Ultra secret blown by careless talk – May 1940

Apr 2014
259
Liverpool, England
Valiant Wings, Norman Franks p. 219-22. 26 May 1940. British Intelligence had reason to believe that a conference of about twenty senior Luftwaffe officers was being held at the Chateau Roumont near Ochampes airfield, now being used by the Germans. The result was that ten Battles from 103, 142 and 150 Squadrons were sent to attack the chateau soon after 10.0am, each with several 250-lb bombs. An escort of Hurricanes was provided by 1 and 73 Squadrons. The attack was carried out in foul weather with varying success and some losses.

The Aeroplane of 7 June 1940: “Much mystery surrounded the target allotted to a Squadron of bombers – presumably Blenheims – on May 26. It was located in a clearing in a wood and was strongly defended by A.A. guns. Bombs were seen to fall on the target. A New York message named this objective as Hitler’s headquarters, but speculation on this point is irregular if it comes from a British source.”

Great Interruption Laurence Irving (RAF Intelligence, in Paris) p. 54-5. Notes flap when reports of raid on a secret target appeared in press. Traced to a Reuter’s correspondent’s dispatch dated 28 May. “Special target bombed – raid followed London tip that interesting happenings probable at target.” Apparently one of the pilots had spilled the beans to him. Irving attributes the raid to “an assignation between Field Marshal Goering and his generals.”

British Intelligence in the Second World War, F. H. Hinsley and others, vol. 1, p. 148. “The first Enigma decrypts containing intelligence of operational value were obtained on 26 May when they gave eight hours’ notice of the time and place of a meeting between the Chiefs of Staff of four GAF Fliegerkorps – and there was much disappointment at GC and CS that the meeting was not attacked.”

Can anyone shed further light on these events? The last entry is hard to reconcile with the others. It would have been unfortunate if the Ultra secret had been blown so early, but if there was in fact an important meeting taking place when the chateau was attacked the Germans would surely have twigged that there had been a leak somewhere without having to rely on the Allied press.
 

Chlodio

Forum Staff
Aug 2016
4,768
Dispargum
These kinds of inconsistencies are very common when dealing with classified information. The truth never comes out in pure form which would most likely require documentation which is easily controlled. What seeps out in bits and pieces is rumor and gossip which is what you have here. There are other inconsistencies in your four accounts. For instance was the target attacked by Battles or Blenheims? Was Goering present or not? One source describes the target as Hitler's headquarters. The problem with the history of military intelligence is that "those who know don't say and those who say don't know." The disappointment that the target was not attacked may have actually been disappointment that the target was not successfully attacked, but once the rumor mill finished with the story and the historian heard it and wrote it up the word 'successfully' had disappeared from the story.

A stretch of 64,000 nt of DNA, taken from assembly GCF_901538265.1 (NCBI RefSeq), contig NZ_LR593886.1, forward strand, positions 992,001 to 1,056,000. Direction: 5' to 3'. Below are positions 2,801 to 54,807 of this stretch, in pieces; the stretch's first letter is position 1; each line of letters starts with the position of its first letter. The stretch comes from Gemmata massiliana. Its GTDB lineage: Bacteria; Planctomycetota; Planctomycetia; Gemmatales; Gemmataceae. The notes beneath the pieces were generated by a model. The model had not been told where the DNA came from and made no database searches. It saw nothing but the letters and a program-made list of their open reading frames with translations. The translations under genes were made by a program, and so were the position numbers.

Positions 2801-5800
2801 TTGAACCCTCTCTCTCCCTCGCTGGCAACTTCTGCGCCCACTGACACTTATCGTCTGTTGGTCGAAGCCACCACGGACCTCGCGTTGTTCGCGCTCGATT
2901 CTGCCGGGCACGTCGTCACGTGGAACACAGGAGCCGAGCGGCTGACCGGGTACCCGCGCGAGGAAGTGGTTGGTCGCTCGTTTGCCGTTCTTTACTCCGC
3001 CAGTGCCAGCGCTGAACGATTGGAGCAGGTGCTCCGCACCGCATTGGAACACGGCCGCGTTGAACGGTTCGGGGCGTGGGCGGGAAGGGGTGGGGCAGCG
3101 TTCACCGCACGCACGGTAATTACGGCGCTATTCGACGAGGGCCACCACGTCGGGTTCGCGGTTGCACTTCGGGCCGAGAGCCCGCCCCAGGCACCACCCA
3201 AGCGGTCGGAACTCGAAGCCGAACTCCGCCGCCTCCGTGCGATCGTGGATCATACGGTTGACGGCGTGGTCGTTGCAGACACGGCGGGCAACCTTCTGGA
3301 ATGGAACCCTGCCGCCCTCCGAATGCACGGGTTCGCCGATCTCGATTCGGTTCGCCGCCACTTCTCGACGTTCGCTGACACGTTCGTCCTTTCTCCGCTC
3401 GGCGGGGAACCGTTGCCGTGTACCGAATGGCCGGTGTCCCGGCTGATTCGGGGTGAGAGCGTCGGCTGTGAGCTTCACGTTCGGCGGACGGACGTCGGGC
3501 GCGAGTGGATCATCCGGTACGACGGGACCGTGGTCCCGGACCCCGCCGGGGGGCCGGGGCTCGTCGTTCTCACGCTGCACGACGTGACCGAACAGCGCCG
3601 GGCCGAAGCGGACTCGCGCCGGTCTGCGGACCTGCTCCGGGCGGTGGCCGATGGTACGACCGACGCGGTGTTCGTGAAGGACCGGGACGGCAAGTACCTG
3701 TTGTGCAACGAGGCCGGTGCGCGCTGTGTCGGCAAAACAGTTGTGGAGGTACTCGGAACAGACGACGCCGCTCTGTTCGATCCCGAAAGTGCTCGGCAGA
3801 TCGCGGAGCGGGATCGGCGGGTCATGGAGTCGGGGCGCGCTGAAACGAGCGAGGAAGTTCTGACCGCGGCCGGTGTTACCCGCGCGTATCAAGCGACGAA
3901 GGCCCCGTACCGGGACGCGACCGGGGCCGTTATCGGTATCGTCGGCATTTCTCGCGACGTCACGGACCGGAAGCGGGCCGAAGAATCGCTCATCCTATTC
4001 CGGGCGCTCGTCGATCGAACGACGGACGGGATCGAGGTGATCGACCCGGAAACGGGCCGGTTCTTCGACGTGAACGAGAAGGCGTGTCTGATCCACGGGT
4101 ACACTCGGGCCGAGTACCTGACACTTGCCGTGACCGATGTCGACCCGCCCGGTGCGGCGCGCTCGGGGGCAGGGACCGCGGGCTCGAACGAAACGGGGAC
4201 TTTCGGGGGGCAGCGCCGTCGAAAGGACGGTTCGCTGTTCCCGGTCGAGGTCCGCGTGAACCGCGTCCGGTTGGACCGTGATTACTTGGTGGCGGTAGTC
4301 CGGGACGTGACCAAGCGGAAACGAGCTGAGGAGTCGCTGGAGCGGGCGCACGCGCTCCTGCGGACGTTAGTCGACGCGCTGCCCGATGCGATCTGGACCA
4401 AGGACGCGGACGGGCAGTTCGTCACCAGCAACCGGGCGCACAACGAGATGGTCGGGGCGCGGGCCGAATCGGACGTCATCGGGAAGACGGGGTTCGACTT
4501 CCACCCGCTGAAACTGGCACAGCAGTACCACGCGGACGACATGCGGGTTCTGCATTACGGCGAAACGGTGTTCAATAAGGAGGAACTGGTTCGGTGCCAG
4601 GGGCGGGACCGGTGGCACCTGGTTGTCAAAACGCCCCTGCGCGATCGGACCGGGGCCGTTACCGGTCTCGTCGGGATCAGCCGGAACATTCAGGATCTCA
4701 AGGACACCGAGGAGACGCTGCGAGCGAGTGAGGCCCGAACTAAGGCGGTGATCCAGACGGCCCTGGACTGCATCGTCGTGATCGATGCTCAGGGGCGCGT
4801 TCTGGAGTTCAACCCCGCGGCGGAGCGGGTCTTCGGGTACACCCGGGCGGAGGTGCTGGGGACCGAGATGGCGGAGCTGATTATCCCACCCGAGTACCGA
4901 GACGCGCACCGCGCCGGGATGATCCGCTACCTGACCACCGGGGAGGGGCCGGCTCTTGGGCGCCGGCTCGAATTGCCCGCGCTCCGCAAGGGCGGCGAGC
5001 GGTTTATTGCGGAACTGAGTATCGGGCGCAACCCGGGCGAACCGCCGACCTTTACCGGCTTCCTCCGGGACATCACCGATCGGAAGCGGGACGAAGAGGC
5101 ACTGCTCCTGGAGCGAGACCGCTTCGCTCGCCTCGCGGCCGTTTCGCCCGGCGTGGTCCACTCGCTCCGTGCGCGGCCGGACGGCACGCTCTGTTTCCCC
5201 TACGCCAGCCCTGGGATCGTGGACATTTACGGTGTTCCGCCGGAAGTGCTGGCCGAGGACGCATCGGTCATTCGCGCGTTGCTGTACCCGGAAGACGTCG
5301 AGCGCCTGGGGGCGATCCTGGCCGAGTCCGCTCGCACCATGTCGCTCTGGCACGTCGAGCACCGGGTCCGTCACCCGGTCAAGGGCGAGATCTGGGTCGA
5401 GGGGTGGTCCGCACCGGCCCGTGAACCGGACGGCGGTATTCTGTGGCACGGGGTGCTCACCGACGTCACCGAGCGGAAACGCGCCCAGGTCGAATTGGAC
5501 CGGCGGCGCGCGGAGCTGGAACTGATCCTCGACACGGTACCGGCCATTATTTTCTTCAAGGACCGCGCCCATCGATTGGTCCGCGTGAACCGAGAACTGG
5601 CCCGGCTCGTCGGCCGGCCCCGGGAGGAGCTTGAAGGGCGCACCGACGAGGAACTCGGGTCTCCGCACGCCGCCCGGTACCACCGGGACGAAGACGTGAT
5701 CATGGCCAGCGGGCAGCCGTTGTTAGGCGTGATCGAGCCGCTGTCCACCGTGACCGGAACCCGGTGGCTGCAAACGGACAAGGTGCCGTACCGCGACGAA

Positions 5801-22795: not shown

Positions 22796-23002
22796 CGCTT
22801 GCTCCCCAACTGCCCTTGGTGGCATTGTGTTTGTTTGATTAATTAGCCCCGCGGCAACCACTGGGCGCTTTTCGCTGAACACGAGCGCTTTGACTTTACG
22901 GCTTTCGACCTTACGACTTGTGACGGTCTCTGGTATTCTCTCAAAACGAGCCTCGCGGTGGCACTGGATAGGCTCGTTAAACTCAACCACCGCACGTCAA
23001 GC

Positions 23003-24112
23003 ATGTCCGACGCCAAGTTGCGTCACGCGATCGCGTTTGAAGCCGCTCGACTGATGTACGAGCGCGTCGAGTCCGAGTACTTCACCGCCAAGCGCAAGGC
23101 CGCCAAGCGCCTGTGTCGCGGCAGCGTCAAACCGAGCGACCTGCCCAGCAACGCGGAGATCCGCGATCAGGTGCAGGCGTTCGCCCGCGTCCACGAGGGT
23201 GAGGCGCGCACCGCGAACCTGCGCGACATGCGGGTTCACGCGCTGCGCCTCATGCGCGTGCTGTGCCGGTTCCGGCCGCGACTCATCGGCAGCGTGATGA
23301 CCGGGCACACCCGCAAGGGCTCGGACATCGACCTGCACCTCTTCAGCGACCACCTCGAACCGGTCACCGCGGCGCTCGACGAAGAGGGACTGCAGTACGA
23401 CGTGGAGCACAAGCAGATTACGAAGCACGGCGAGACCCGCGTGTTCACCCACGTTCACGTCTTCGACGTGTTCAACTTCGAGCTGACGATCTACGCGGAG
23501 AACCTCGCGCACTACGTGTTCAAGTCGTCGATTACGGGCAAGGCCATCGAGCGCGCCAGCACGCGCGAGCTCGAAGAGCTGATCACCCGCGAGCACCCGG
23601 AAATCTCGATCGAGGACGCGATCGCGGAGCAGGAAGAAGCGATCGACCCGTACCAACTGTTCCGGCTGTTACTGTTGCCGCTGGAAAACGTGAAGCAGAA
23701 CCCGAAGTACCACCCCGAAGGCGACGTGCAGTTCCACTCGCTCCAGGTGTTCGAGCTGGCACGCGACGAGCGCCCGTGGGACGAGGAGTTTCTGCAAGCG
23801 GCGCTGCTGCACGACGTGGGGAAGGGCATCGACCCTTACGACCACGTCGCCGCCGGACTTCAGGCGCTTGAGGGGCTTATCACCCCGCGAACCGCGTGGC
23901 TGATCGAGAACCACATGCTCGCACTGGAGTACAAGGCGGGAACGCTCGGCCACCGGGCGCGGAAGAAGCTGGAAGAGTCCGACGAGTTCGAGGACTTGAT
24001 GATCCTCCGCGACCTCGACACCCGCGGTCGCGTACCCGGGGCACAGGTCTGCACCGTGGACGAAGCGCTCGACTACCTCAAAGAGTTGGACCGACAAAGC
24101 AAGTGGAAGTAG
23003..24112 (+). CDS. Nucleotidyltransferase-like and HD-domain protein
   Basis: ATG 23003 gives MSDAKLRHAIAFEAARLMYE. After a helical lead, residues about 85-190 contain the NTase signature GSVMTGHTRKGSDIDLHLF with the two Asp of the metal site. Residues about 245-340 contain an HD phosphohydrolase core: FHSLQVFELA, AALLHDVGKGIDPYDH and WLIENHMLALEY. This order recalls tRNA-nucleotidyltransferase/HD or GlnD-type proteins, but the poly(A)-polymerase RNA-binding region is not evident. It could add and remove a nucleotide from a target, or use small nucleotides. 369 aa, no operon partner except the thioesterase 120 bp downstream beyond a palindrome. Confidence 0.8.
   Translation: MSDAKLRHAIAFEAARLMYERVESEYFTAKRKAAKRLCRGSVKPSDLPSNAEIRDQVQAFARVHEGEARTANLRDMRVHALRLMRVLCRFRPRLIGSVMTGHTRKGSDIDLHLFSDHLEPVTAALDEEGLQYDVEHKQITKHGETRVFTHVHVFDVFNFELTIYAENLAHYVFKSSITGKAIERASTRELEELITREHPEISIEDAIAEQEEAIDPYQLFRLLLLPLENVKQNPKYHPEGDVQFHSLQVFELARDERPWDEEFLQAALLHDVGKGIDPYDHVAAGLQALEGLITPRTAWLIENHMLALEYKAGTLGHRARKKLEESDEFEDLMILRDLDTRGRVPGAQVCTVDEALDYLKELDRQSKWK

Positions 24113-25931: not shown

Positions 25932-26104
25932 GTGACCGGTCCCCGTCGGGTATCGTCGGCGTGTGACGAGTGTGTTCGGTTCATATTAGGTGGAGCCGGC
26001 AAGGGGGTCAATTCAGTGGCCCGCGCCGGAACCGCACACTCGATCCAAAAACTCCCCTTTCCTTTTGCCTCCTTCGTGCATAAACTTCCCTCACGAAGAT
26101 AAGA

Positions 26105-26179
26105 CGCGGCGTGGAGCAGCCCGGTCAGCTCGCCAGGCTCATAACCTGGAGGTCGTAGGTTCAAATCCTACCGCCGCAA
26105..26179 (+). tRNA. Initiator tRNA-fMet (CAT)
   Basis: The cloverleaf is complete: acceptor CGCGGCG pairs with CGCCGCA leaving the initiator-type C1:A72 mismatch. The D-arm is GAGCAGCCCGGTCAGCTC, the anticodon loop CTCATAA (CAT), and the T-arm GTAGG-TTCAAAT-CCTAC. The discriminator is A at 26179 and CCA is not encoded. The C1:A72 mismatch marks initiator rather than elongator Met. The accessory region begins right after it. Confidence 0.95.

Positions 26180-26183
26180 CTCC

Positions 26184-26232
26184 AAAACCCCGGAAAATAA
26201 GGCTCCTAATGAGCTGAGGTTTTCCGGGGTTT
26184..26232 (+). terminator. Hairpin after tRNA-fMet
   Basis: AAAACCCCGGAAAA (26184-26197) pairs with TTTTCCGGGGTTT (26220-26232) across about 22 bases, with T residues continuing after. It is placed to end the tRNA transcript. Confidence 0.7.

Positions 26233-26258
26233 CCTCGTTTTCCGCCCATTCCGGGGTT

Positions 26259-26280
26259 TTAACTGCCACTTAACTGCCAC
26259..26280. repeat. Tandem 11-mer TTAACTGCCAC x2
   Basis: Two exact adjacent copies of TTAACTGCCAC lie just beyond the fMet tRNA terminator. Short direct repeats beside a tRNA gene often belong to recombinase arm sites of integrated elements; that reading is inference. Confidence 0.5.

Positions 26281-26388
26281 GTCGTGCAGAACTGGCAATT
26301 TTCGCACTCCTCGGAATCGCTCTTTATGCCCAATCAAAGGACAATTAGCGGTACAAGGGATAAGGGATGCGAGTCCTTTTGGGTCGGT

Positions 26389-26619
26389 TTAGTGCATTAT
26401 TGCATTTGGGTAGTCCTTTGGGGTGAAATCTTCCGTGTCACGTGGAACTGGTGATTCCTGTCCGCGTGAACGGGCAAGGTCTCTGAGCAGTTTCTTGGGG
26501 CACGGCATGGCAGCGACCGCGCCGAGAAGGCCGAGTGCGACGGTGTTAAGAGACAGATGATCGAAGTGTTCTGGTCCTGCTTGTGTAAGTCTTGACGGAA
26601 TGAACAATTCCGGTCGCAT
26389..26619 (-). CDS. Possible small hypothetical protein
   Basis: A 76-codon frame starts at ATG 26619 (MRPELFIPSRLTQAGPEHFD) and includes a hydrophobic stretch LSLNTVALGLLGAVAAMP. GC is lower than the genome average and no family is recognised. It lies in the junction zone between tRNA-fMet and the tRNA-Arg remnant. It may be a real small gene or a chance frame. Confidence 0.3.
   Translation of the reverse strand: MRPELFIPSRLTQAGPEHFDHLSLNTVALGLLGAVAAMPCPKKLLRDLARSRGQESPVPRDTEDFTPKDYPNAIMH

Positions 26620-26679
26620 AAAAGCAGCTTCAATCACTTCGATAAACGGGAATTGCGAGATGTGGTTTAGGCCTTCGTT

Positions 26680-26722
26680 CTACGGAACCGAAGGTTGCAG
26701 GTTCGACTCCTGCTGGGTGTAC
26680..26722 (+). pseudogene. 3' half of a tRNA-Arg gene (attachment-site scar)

Apr 2014
259
Liverpool, England
These kinds of inconsistencies are very common when dealing with classified information. The truth never comes out in pure form which would most likely require documentation which is easily controlled. What seeps out in bits and pieces is rumor and gossip which is what you have here. There are other inconsistencies in your four accounts. For instance was the target attacked by Battles or Blenheims? Was Goering present or not? One source describes the target as Hitler's headquarters. The problem with the history of military intelligence is that "those who know don't say and those who say don't know." The disappointment that the target was not attacked may have actually been disappointment that the target was not successfully attacked, but once the rumor mill finished with the story and the historian heard it and wrote it up the word 'successfully' had disappeared from the story.
There is some very fair comment here. However, it seems clear that the aircraft used were Battles - the Blenheims are admittedly speculation. Given the absence of any record of sudden mortality among senior Luftwaffe staff officers it certainly appears that the raid was not very successful - or perhaps the meeting was not taking place as planned..
 

Chlodio

Forum Staff
Aug 2016
4,768
Dispargum
Something else just occurred to me. The inconsistencies in these different accounts could be British disinformation. You're absolutely right that if the Germans thought their codes had been broken they would change their encryption, and the British would lose an important source of intelligence. So the British leaked to the press certain clues suggesting their source of information was something else, not Enigma. At least two of the accounts above are based on press reporting.

If the Enigma intercepts just said it was a meeting of generals, then by saying it was Hitler's HQ or that Goering would attend, the British tried to make the Germans think that British intelligence was not very good and had just been lucky that day. "Hitler's HQ" or "Goering is coming" might be the kind of mistake a human spy might make, but a mistake like that wouldn't be contained in a radio message. Deliberately adding these kinds of false details and leaking them to the press was a way of hinting to the Germans that the source of the intelligence was something other than Enigma.
 
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